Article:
“We’re going on an expedition!”

How exciting does that sound? OMG! We’re doing what???!!

Announce the title of this post to your students and behold the wonder in their eyes!

What could an expedition sound like / feel like / look like? What could be possible on such a journey? Unpack the word ‘expedition’ and feel the buzz!

To me, at least, the word expedition conjures up images of adventure, a magical journey, a celebration, something to prepare for, to challenge yourself, to push yourself beyond what you thought possible. Sounds familiar?

(Anyone, anyone…?)        That’s right, The PYPx!

Currently, the ‘x’ doesn’t stand for expedition, it stands for exhibition. Each year I spend quite some time explaining that our exhibition is about the process more than the final product which will be shown on the staging days. People look bewildered as to why I’m describing an exhibition as being more about the process, rather than a product.

During the unit itself, we hold parent check-ins every Friday. Students have a process journal; a giant scrap book which shows their learning journey. On staging days we show a video in the ‘PYPx Cinema’, emphasizing the process, the journey, before visitors are invited into the staging area.

However, for many people it remains to be all about the ‘product’ to be shown on the staging days. Some parents see it as a chance for them to try to help out, ‘science fair’ style (if you know what I mean), or to put pressure their children into performing well on the big days. Whilst I’m sure they mean well, this can lead to increased stress levels surrounding the entire process, detracting from the experience and devaluing the journey.

As educators, this is certainly not our intention.

Some people simply cannot get past the image of, well, an exhibition, when hearing the word ‘exhibition’.  Perception is, after all, reality.

Let’s consider what the dictionary has to say (oxforddictionaries.com):

Exhibition:

“A public display of works of art or items of interest, held in an art gallery or museum or at a trade fair.”

(Hmm, no wonder the misconceptions persist!)

From the same dictionary:

Expedition:

“A journey undertaken by a group of people with a particular purpose, especially that of exploration, research, or war.”  (Exploration, research… I love it!)

“setting out with aggressive intent”. (An aggressive inquiry…WOW!)

I suggest that we can solve this with a simple word change. A few letters, to make a world of difference.

I’d love to know your thoughts on this, and I’ve made a 1 question Google Form to get your personal decision on the matter.

Who’s joining the PYPxpedition?

13 thoughts on ““We’re going on an expedition!”

  1. Great post Graham, for many different reasons. Firstly, just for starting your own blog Expedition. Secondary, you do raise some valid points about the essence and meaning between Exhibition and Expedition. I tend to agree with you, the language we use is important. We need to say what we mean and mean what we say. Learning is a trek, an exploration full of discovery and mystery. Metaphorically speaking, it all makes perfect sense. Whether it be blow the ocean, jungle, arctic circle, desert….. every exploration is unique and different. You need to pack a different bag and clothes to brace for the elements and the animals, not to mention the landscape. What do you bring along with you to the expedition, and how do you navigate and be a problem finder to survive and experience. It is a lot like learning – like life.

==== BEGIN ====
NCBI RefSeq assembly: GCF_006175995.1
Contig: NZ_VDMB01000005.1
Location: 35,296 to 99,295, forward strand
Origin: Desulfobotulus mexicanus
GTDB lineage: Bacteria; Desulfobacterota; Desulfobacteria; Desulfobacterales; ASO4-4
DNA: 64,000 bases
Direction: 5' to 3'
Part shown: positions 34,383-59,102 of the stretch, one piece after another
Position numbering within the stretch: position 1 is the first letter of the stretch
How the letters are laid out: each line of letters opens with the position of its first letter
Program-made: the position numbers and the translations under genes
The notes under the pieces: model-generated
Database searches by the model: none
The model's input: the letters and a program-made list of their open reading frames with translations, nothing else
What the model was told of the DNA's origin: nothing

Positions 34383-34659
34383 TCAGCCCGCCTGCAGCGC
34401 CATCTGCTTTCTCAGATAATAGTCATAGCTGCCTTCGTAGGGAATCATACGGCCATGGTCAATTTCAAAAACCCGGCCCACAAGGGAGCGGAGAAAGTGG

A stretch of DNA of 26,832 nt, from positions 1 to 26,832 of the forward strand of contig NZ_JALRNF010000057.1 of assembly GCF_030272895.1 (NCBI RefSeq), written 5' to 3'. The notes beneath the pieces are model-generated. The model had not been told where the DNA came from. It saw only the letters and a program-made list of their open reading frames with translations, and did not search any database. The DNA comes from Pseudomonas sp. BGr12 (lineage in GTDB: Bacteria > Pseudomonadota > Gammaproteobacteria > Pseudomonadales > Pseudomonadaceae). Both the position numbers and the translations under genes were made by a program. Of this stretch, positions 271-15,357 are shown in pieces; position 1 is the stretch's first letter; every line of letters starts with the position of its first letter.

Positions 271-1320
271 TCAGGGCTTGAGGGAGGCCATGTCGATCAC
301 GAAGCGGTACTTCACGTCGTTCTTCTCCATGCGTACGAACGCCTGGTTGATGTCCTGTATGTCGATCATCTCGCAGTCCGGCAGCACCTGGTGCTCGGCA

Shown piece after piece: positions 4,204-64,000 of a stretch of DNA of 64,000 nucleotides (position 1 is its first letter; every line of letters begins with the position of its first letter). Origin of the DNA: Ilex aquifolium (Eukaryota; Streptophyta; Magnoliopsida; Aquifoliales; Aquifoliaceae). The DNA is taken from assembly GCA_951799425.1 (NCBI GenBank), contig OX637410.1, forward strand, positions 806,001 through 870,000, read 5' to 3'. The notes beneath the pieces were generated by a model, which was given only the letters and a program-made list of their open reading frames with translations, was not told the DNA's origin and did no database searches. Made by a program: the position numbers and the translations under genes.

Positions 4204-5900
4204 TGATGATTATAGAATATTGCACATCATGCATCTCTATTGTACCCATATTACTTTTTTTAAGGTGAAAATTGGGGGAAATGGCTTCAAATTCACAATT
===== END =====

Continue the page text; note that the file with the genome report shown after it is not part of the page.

Thrilled to have you on your own self-exploration journey with this blog. I look forward to learning more about your ideas and what makes your blood boil too. This is the perfect landscape for it.

    Liked by 1 person

  2. Go Graham! Welcome to the blogging expedition. You raise important points in this post that have been causing us tension at my school too. Why call it an exhibition and then spend so much time ensuring everyone understands it’s not an exhibition?! Makes no sense, does it?

    Liked by 1 person

    1. Thanks so much for the feedback Edna. I pinpointed this as a cause of tension, and if we can resolve this, it can only be a good thing. Thanks too for tweeting it 🙂

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      1. Great Stuff Graham! Spot on as well, the language we use so often steers our thoughts and therefore our actions…So why not change the language? Looking forward to following your blog too! All grown up eh? 😉

        Liked by 1 person

  3. “People look bewildered as to why I’m describing an exhibition as being more about the process, rather than a product.” I feel so much better knowing other pyp teachers across the globe have had this exact experience! Helps me know I’m wasn’t just “doing it wrong.” 🙂 I absolutely love the idea of it being an expedition, not just because we truly wish for them to focus on the process over product, but because of the sheer wonder that word evokes, as you described in those first few sentences!

    Thanks for the excellent post, Graham!

    Liked by 1 person

  4. Powerful.. What happens when we play with language. I love Expedition.. i agree it gets the thinking away from a “science fair” idea to something bigger and more exciting.

    Like

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